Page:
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Rethinking government bailouts amid airline industry crisis

The trouble with government bailouts is you never really know whether they were necessary, and that's likely to be the case with the U.S. airline industry, too.

Why it matters: One year into the pandemic, it's not clear whether the $54 billion the U.S. Treasury used to prop up airlines during the pandemic was the right move, or just an expensive gift to a politically favored industry.

  • A piece this week in the New York Times makes the case that since airline stocks are soaring, "we socialized the airline industry's losses and largely privatized the gains."
  • But the flip side is that the uniquely structured "payroll support program" helped stave off worse unemployment and kept airlines afloat so they can help jump-start the economy once the health crisis is over.

Where it stands: Investors are no doubt happy. Airline stocks are 2.5 times higher than their pandemic trough and have recovered almost all their losses. But that doesn't mean the companies are healthy.

Revenue for the top seven airlines is down 67% from a year ago, and U.S. passenger airlines collectively are burning cash at a rate of $150 million a day, according to Airlines for America.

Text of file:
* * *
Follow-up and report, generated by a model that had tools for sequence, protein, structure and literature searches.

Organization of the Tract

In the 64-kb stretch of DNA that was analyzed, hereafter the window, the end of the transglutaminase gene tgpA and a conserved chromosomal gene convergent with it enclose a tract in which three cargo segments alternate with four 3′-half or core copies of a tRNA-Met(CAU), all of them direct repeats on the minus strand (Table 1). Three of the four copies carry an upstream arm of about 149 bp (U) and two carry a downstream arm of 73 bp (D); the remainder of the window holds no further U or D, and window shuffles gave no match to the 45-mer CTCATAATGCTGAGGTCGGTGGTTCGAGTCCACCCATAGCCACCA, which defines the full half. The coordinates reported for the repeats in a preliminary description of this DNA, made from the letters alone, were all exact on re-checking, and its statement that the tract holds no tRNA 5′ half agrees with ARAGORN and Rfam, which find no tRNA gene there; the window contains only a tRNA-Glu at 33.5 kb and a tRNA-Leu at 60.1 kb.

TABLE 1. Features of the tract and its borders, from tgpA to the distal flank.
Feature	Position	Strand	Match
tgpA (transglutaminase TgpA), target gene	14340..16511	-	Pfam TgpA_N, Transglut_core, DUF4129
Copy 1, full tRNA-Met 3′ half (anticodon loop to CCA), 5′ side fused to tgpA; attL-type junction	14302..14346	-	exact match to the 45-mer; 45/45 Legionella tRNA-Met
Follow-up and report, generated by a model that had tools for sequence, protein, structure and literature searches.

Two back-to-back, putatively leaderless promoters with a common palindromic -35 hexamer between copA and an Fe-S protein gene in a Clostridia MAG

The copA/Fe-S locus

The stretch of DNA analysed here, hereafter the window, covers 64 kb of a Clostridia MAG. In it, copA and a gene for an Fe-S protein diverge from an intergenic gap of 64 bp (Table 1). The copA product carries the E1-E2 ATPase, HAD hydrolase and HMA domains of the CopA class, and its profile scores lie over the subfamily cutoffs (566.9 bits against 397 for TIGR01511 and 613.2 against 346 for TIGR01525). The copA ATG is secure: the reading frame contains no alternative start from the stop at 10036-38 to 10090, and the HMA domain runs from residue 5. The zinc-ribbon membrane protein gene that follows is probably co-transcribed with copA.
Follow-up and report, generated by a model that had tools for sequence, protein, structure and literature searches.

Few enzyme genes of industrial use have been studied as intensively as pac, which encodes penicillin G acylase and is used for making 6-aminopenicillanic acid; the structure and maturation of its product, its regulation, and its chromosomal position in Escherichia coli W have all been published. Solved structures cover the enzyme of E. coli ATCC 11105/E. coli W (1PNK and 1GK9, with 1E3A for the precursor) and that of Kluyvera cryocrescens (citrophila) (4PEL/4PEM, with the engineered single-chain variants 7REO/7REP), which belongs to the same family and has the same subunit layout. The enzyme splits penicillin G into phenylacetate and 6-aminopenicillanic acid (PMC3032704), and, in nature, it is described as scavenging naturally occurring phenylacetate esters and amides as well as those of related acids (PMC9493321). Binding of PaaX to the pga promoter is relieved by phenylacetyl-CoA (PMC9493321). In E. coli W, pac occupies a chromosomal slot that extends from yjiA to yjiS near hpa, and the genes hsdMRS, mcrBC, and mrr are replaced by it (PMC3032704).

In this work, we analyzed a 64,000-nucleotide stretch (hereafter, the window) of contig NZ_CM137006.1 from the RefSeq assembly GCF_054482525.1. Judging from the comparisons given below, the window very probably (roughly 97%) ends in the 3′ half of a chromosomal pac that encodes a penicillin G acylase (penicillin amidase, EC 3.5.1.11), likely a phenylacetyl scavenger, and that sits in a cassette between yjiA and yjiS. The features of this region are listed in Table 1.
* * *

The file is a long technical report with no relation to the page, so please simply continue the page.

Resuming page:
• They've added $60 billion in new debt over the past 12 months, and analysts say it will take years to pay down their current $170 billion debt load, limiting future growth.

Driving the news: The $1.9 trillion American Rescue Plan signed last week by President Biden includes a new $14 billion round of aid for airlines to extend paychecks until Sept. 30. That brings the total payroll support fund to $54 billion.

  • That is about the same amount that taxpayers pumped into General Motors during the carmaker's 2009 bankruptcy, but with one big difference: The government took a 61% stake in GM as part of the restructuring.
  • In the case of airlines, Treasury is demanding just 30% of the money be repaid (and taking warrants in each company); the rest is a "pass-through" grant to workers to avert layoffs.

What they're saying: Steven Rattner, former head of the Obama Auto Task Force, called the airline bailout "the ultimate corporate welfare" and said "it violates every principle we established with the auto bailout."

  • The restructuring of the auto industry, he said, was designed so that "everyone took a haircut" — shareholders, bondholders, employees, executives and even car dealers.

The other side: "This was not a bailout. This was a relief program. We had the power to focus the relief from the ground up rather than top down," said Sara Nelson, president of the Association of Flight Attendants-CWA, AFL-CIO.

  • By making sure the money was used exclusively for worker salaries — and not for stock buybacks or executive pay — the program averted layoffs that would have been more costly to taxpayers, she said.
  • That's because airline employees still paid taxes and spent money to help the economy, rather than soaking up enhanced unemployment benefits, she said.
  • Compass Lexecon, an economic consulting firm retained by Airlines for America, digs into the numbers here to back up the industry's case.

The bottom line: Air travel remains 50% below normal, but as vaccinations increase, there are growing signs of pent-up demand, which could spark a recovery as early as this summer.

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